FIRST THOUGHT: Taking a Quantum Leap
In college, I took a course called physics for future presidents. Everyone I told about it laughed, assuming it was some kind of alternative, blow-off class. But it did turn out to answer that age-old question: When am I ever going to use this information? In fact, a section about chemical weapons made me an expert during season 5 of one of my favorite shows, Homeland, and a portion about climate change helped me truly separate facts from politics. Though I’m no Marie Curie, many of those science lessons actually stuck with me, motivating me to further challenge myself throughout my career, proving that keeping an open mind can launch you light years ahead of the competition.
WOMEN IN NUMBERS: 1944
Women have long had to fight to earn their right to higher education. For instance, back in the late 1800s, when Austrian student Lise Meitner was 14 and had finished her schooling, she wasn’t allowed to pursue higher education because she was a girl. But she hit the science books anyway, voraciously studying radioactivity and eventually collaborating with a researcher in Germany. Years later, the two would discover nuclear fission. The discovery resulted in her male lab partner receiving the Nobel Prize in 1944. Though Lise was shunned by the Nobel committee simply because she was a woman, it never dissuaded her from being entirely dedicated to her atomic research, which she carried out into her 80s.
WOMAN TO WATCH: Sabrina Gonzalez Pasterski, Physicist
One brilliant woman brazenly making her mark on the science world—and quickly becoming the next great role model for girls interested in STEM—is the awe-inspiring Sabrina Gonzalez Pasterski.
Sabrina is what many would refer to as a one-of-a-kind millennial phenom. And they’d be right! At the age of just 12, when most girls are struggling with self-identity and the insecurities of puberty, Sabrina was busy building a single-engine airplane. About two years later, after attaining permission from the Federal Aviation Administration, she personally piloted the aircraft above Lake Michigan’s shoreline.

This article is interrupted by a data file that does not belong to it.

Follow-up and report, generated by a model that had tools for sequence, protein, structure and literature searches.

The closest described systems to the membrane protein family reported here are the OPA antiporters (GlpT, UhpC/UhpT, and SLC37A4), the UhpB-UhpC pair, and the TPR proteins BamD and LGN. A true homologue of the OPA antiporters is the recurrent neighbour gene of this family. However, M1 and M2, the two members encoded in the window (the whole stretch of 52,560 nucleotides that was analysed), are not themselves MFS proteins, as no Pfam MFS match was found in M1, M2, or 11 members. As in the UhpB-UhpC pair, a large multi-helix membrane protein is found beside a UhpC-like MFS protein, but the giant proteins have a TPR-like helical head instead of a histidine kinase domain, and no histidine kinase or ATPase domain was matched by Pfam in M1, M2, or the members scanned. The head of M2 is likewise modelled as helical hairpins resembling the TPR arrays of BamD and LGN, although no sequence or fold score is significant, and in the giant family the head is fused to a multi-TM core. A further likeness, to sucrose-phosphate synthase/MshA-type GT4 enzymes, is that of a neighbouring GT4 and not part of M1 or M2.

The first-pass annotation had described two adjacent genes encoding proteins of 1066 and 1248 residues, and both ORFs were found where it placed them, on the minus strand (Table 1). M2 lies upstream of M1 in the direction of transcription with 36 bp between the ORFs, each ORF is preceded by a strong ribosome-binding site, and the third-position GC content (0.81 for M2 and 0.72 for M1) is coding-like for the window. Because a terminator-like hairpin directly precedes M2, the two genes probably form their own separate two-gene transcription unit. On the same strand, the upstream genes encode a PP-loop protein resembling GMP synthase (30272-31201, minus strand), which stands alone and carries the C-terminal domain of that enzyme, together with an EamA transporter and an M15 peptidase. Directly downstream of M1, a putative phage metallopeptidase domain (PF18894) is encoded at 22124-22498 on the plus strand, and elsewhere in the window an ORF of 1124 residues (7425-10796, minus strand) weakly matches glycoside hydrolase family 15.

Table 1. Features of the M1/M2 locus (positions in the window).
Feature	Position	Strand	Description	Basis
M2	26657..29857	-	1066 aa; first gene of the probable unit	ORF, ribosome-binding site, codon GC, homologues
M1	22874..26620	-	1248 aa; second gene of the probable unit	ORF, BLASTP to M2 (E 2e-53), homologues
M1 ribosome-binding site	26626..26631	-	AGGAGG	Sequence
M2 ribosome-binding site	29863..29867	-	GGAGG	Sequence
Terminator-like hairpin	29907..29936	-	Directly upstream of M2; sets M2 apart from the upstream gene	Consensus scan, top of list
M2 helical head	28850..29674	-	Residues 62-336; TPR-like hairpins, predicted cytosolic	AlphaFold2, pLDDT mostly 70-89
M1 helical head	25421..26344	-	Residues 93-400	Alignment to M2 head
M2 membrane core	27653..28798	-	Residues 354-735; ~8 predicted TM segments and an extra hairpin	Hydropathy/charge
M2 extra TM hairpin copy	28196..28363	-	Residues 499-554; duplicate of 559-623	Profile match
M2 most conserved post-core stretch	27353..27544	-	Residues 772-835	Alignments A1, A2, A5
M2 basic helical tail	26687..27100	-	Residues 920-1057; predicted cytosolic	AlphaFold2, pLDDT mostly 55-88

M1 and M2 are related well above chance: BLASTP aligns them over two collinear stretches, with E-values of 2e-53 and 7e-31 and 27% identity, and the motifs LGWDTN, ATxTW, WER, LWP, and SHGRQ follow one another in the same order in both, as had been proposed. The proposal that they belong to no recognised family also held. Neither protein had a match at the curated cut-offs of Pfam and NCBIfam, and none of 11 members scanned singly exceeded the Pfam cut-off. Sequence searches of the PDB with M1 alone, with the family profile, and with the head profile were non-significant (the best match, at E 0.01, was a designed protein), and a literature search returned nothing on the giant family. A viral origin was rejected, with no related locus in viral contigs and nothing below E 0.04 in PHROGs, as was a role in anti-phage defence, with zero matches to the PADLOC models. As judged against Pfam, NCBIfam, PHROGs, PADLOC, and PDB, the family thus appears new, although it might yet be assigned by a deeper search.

When she was 19 years old, the esteemed Scientific American included Sabrina as one of its 30 Under 30, noting in its interview that she had the goal of appearing on the magazine’s cover within 10 years, an accomplishment she’s well on her way to achieving.
Now in her mid-20s, Sabrina has published dozens of papers ranging from the equations of motion to gravitational waves. With the apropos moniker Physics Girl, Sabrina has become widely known as the world’s next Einstein, with science big wigs like Andrew Strominger and the late, great Stephen Hawking even citing Sabrina’s work.
A natural talent and high IQ aren’t the only qualities that make Sabrina shine in this realm. The truth is she works really, really hard. When it came time for college, Sabrina applied to MIT and Harvard. Harvard rejected her and she was waitlisted by MIT but was eventually accepted—when she was 17! Of course, she blew everyone away with her talent, becoming the first woman in 20 years to graduate at the top of her undergrad program—in just three years, by the way—with a cool 5.0 GPA, the highest possible grade score. Now pursuing her Ph.D. at Harvard, her advisor is none other than Andrew Strominger himself.
While she’s had a lifetime’s worth of education and career accolades, Sabrina’s star is just beginning to shine. We’re sure her career will only take her to astronomical heights!
QUITE THE QUOTE
Today’s quote goes out to all the science-loving ladies out there. Lene Vestergaard Hau, regarded for her research with cold atoms and light, said:
“When I see weird behavior [from male colleagues], my first inclination is not to think, ‘What’s wrong with me?’ It’s, ‘What the heck is wrong with these guys?’ ”
This is Melinda Garvey signing off until next time. Remember, ladies, empowered women empower other women. Share On the Dot so more women can have a voice. Thanks for getting ready with us.